…in which Ricky Porter introduces himself, and Carrie finds the priest hole…
Carrie backed off along the hall, breathless and cupping her shaking hand over her mouth as she whispered into the phone.C. M. Rosens, The Crows, pp. 106-7
“Mercy? Shit, shit, shit…!”
It scratched at the closed door, dragging claws down the wood. Carrie’s throat constricted as she backed away as silently as she could, fumbling down the paneled hall.
“Carrie, are you okay?”
She forced herself to answer, voice coming out in a scratchy whisper. “It’s in the house, shit it’s in the house, it’s, it’s a dog, or a… I don’t know but it’s bloody huge and it, it’s broken the window, oh my God, it’s in the house…”
The living room doorknob rattled and Carrie stood frozen, every muscle rigid. There was silence.
All Carrie heard was the ticking of the rescued grandfather clock, counting down.
It doesn’t work, Carrie remembered. How can it be ticking?
She lowered the phone, eyes watering, and forced herself to look over her shoulder. The gold pendulum was swinging side-to-side.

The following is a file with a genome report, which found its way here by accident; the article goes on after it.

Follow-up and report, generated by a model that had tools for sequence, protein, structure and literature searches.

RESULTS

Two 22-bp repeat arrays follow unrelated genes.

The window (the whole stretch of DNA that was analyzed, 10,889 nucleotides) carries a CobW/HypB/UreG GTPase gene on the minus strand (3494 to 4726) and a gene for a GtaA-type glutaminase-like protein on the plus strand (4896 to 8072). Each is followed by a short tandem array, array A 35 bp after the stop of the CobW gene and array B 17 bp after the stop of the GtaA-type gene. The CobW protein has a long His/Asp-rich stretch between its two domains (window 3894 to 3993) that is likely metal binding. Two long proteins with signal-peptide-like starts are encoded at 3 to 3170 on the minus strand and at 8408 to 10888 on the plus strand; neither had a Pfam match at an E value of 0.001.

The time was still wrong: two minutes to midnight.
A shiver crawled down her back.
The ‘be careful what you wish for’ trope isn’t exclusive to the Gothic, and isn’t really used much in the genre in its literal interpretation. It is more about foreshadowing or foreboding, when characters think ‘oh, this person deserves bad things’, and then bad things happen. Again, not a Gothic-exclusive trope, but something fun to play with in a Gothic horror. I do it a few times in The Crows, but there’s also an actual wishing well, so… be prepared.
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